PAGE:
There are three stages of gift-giving in romantic relationships, according to Russell W. Belk, a professor at York University in Toronto and a researcher in consumer behavior and gift-giving. Gift-giving should progress through these phases in order—getting ahead of yourself can be the kiss of death in a relationship. Below, how not to muck it up.
Stage 1: The best Cubanos in town
“Economic exchange” is the early stages of dating. These are gifts selected primarily for their monetary value: taking a partner out for dinner at a cool restaurant or buying flowers, for example. They are gifts that implicitly demand reciprocity, that the giver and receiver will keep seeing each other, or perhaps that the receiver will buy dinner the next time.
Calibration here is important: Too much money spent can make the receiver feel they are incurring a debt they can’t or don’t want to pay back; too little money can signal the giver is not “investing” a lot in the potential relationship. Both parties in a budding relationship have concerns about being exploited, and appropriate gift-giving and -receiving can signal a level of respect and consideration that soothes those fears.
Stage 2: Pavement Tickets
“Social exchange” is the next stage—the moment when the “thought” of the gifts becomes more important. Perhaps one party might note that the other likes music and purchases concert tickets, or observes her admiring something in a shop window and goes back later to buy it. These gifts signal, “I am paying attention to you,” and are the next stage in forming a bond with a partner. “…Gifts are expected to be valued for their symbolic worth rather than their economic worth…” notes Dr. Belk in a paper published with co-author Gregory S. Coon in the Journal of Consumer Research. Their research shows that, for example, gifts bought the night before a holiday are not as valuable as gifts that demonstrate time and effort on the part of the giver.
“If partners have extremely different value systems, no level of satisfaction from sex, gifts, or companionship will hold the relationship together.”
Social-exchange-stage gifts are also a way of sussing out whether the two parties are compatible, not only in terms of taste (Do you like the sweater he bought you? Does he like the jacket you got him?) but also in terms of compatibility in material values.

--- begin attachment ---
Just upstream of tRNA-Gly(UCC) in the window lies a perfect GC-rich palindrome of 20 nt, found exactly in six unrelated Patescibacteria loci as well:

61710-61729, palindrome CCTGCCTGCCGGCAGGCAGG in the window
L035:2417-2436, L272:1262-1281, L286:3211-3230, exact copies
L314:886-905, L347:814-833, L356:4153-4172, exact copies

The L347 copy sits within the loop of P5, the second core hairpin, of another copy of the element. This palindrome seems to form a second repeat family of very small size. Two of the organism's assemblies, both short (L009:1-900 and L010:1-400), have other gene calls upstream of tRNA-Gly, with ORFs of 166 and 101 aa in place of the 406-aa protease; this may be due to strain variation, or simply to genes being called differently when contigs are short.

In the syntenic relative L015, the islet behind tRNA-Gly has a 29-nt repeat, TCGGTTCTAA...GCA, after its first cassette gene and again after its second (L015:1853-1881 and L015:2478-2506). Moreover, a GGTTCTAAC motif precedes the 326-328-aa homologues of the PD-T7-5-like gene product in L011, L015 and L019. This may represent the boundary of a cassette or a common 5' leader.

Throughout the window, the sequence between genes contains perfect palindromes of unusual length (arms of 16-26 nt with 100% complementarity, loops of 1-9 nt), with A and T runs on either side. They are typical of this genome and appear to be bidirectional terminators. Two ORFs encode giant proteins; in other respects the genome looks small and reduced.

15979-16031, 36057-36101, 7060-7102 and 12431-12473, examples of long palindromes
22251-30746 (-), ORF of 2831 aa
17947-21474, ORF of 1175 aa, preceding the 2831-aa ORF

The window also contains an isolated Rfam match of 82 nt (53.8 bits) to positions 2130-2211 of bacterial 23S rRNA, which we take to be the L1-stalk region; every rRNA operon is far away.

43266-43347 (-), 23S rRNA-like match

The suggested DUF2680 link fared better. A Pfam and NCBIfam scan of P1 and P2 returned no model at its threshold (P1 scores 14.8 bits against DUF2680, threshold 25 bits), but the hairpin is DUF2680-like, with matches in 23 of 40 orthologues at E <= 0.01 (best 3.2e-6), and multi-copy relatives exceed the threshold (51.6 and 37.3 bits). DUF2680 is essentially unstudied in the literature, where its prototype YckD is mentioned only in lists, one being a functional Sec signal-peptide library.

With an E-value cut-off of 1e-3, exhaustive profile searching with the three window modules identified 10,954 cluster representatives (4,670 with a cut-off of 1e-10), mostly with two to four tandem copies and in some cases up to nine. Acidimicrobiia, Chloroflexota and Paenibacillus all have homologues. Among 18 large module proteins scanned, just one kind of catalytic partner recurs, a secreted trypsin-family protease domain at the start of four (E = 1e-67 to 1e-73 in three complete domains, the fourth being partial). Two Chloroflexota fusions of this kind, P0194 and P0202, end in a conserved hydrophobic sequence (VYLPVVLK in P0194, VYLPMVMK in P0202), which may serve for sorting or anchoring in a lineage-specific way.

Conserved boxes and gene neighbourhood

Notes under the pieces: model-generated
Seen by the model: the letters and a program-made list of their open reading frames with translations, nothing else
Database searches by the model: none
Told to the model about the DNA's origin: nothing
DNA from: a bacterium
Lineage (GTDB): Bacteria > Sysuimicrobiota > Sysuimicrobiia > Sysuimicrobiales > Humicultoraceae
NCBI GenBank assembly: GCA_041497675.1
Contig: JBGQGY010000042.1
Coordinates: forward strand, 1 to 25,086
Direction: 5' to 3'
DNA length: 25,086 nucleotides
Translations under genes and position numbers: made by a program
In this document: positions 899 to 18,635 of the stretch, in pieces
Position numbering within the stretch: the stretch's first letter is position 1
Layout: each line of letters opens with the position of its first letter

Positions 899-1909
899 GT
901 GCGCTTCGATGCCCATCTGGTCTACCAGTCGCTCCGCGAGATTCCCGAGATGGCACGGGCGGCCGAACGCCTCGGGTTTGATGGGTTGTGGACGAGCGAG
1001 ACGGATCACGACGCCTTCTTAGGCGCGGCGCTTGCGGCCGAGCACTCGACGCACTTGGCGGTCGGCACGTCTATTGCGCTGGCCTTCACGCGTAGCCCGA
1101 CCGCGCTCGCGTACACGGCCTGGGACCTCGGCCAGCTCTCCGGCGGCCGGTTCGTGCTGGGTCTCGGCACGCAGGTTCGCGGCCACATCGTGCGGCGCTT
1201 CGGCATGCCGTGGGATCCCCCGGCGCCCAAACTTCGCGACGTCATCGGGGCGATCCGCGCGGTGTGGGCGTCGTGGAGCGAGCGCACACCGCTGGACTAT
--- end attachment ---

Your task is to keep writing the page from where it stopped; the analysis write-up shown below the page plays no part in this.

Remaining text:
As one subject in their study said, “Money should hold the same value system for both people when dating. If there are contradictions in the value money has, few gifts can be given or accepted without apprehension or disappointment over the estimated value of the gift. … If partners have extremely different value systems no level of satisfaction from sex, gifts, dating or companionship will be sufficient to hold the relationship together.”
Stage 3: A Telecaster
The third stage of dating is romantic love, when the gift-giving goes from being a statement of intent or a bid for affection to a more selfless consideration of only what the other person might want. Couples in the romantic-love stage of dating give gifts with less expectation of exchange and reciprocity and more in a spirit of altruistic giving: You’ve noted your partner is drooling over a new guitar in a catalog and, expense be damned, you’re going to get it for her because you know it will make her happy.
Drs. Belk and Coon note that gift-giving can be a minefield, and that givers and receivers will naturally feel some apprehension when they are unsure of their status. (They give a couple of examples of gifts-gone-awry in the social-exchange stage: one was a blouse the receiver felt indicated that the giver didn’t understand her taste; another was a gift of a kitchen appliance, which indicated to the receiver that the giver had certain…expectations of what their hypothetical married life might look like.)
“Nervous gift-giving is a product of not knowing where you stand.”
It’s clear that nervous gift-giving is a product of not knowing where you stand within the three stages: “Much of the anxiety of gift giving [while dating] appears to be due to uncertainty as to whether a dating partner is still operating within the economic exchange model or is operating within the social exchange model or romantic expressiveness model.”
In other words, it’s the transitions that must be delicately negotiated.
So what about long-married couples? I asked Dr. Belk in an email. What was he hoping to give or receive from his wife this holiday season? He replied, “We have more than enough stuff, so we are mostly giving to our daughter’s family rather than each other. Call it a fourth stage of mature post-material love.”